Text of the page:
Ovarian cancer is the deadliest of all gynecologic cancers and the ninth most common cancer among women. All women are at risk of developing ovarian cancer. Its symptoms are subtle, difficult to diagnose and often misdiagnosed because they mimic other less-threatening problems. As a result, many women are diagnosed in the later stages of the disease when survival rates are poor. This year, approximately 22,000 women will be diagnosed with ovarian cancer in the United States and almost 16,000 women will die from the disease.
For all of these reasons, a woman with ovarian cancer must have access to high quality care where she lives. Not only is high quality care critical to women's survival and well-being, how a state supports access to care illustrates its overall approach to any serious illness. This report card ranks all 50 states and the District of Columbia based on a selection of programs, policies, laws and regulations. Taken together, these mechanisms determine the extent to which a woman can access quality health care for ovarian cancer in reasonable proximity to her home.
We chose primarily to evaluate state laws because they provide the legal framework within which health care services are delivered. If a state's laws and associated programs are meaningful and robust-designed to meet the health needs of the state's population-they provide a pathway for effective, efficient health care. However, laws are not the only route through which states influence the care provided to seriously ill patients. States can establish regulations that transform laws into reality and articulate overarching policy regarding access to and quality of care.
Many of the mechanisms we used to rank states affect the overall health and well-being of all their citizens. We also considered laws relevant specifically to the care of ovarian cancer patients and survivors. For example, women with ovarian cancer must have prompt access to a gynecologic oncologist for the surgery that almost always is the first step in treating their disease. Therefore, we included regulations and laws pertaining to insurance coverage for referrals to specialists.
Some variables affecting the delivery of quality health care are outside the purview of state policy and law. Even in these areas, however, states can use their influence to advocate for effective and efficient care that meets quality standards. For example, states cannot require doctors to refer women with ovarian cancer to a specialist, but they can create policies that make it easier for women to seek specialized care. States also can publically recognize and applaud private efforts to provide support services for women with ovarian cancer and their families.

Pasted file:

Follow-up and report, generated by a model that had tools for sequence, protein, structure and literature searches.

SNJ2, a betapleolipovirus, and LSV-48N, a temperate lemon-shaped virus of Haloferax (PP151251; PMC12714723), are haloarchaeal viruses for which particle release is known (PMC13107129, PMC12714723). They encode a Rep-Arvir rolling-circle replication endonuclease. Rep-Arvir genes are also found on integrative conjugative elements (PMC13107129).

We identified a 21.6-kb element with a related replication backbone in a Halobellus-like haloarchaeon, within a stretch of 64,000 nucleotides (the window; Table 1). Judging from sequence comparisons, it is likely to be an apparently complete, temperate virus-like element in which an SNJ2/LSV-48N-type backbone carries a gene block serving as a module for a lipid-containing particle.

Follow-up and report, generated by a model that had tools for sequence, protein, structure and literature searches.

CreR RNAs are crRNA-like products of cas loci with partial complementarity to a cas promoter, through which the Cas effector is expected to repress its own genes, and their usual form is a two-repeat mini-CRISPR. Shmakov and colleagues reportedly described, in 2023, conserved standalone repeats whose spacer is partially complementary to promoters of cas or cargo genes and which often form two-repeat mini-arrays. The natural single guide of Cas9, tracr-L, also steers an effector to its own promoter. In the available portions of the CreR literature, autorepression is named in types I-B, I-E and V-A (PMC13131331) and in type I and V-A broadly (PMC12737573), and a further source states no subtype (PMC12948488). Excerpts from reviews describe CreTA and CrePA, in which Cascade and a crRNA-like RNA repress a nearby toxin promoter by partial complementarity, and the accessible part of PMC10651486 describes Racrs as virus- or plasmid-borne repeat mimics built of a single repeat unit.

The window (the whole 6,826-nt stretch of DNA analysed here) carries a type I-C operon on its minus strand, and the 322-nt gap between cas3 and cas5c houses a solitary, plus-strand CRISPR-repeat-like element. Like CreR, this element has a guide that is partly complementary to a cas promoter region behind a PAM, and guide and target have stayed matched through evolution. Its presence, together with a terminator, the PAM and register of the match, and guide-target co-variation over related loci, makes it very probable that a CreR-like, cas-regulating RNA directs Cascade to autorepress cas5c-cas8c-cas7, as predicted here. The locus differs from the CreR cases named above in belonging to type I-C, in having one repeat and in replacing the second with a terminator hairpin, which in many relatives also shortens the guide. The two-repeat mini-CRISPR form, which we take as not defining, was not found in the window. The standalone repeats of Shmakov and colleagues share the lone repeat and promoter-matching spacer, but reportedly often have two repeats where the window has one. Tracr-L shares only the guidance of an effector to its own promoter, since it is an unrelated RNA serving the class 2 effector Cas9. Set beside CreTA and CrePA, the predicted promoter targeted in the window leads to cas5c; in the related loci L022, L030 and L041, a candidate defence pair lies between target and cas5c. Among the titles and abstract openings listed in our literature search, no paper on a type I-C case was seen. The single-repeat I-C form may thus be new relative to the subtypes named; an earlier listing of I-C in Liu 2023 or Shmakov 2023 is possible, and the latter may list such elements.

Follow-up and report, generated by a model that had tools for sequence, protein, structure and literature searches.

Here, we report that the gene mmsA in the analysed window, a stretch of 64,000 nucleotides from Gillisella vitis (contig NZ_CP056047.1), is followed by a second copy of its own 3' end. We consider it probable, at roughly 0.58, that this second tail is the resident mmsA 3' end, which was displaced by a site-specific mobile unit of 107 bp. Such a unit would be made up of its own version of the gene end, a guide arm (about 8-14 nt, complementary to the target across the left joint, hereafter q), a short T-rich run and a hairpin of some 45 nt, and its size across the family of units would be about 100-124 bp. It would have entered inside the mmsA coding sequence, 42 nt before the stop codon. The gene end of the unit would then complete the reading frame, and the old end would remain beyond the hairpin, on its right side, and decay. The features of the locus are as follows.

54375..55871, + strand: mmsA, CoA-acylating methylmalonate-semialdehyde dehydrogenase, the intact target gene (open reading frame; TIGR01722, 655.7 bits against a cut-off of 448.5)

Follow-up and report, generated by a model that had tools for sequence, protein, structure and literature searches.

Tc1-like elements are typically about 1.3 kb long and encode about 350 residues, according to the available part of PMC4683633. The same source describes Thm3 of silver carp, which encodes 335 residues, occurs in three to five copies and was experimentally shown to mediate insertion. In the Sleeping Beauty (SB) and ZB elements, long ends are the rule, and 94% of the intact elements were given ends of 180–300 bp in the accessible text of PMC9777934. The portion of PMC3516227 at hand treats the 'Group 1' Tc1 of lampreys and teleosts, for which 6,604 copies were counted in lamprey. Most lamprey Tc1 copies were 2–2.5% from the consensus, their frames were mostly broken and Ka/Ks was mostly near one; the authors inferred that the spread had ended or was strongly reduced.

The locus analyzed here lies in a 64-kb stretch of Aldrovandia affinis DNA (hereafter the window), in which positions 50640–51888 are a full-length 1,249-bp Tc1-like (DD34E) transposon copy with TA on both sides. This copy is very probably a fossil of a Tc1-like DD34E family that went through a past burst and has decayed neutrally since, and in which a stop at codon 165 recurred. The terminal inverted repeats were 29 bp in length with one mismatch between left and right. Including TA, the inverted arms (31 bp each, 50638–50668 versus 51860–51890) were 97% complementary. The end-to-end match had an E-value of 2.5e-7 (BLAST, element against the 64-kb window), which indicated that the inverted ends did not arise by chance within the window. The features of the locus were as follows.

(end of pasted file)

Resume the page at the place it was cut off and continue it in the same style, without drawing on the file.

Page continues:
We looked within the states at activity that affects women with ovarian cancer, even if it is not directly provided by state law or programs. For example, prompt diagnosis continues to be a challenge for women with ovarian cancer. The Alliance's Survivors Teaching Students: Saving Women's Lives® program educates medical professional students about the risk factors and symptoms of ovarian cancer in order to facilitate prompt diagnosis. We looked at the saturation of these programs in each state's medical professional schools.
The passage of the Affordable Care Act (ACA) has already spurred major changes in the delivery of health care in the United States, making this a timely moment to explore how each state's laws meet at least minimal criteria for providing its citizens with access to quality cancer care. State laws remain relevant during implementation of the ACA. For instance, each state will determine its own essential benefits package, which is the minimum standard for insurance plans offered in the state.
Although our findings paint a bleak picture of states' attention to quality care for ovarian cancer patients, we also document opportunities for meaningful improvement. Our goal is to improve the care that women with this disease receive. Therefore, we have included the first comprehensive collection of sample laws and recommendations for their implementation that states can use to improve care.
In summary, Ovarian Cancer: A Call for State Action provides the first comprehensive look at the extent to which states meet specific criteria for promoting the delivery of effective, efficient care to women with ovarian cancer. This report card is based on the assumption that states can and do affect access to and quality of care for seriously ill people. Although current state laws often fail to meet women's needs, opportunities exist for significant improvement.
Thank you to Genentech and GlaxoSmithKline for supporting this project.
About the Ovarian Cancer National Alliance
The Ovarian Cancer National Alliance works to advance the interests of women with ovarian cancer. We do so by advocating on behalf of women with this disease; promoting research that seeks an early detection test and improved treatments; improving health care practices; and raising public awareness of the risks and symptoms of ovarian cancer.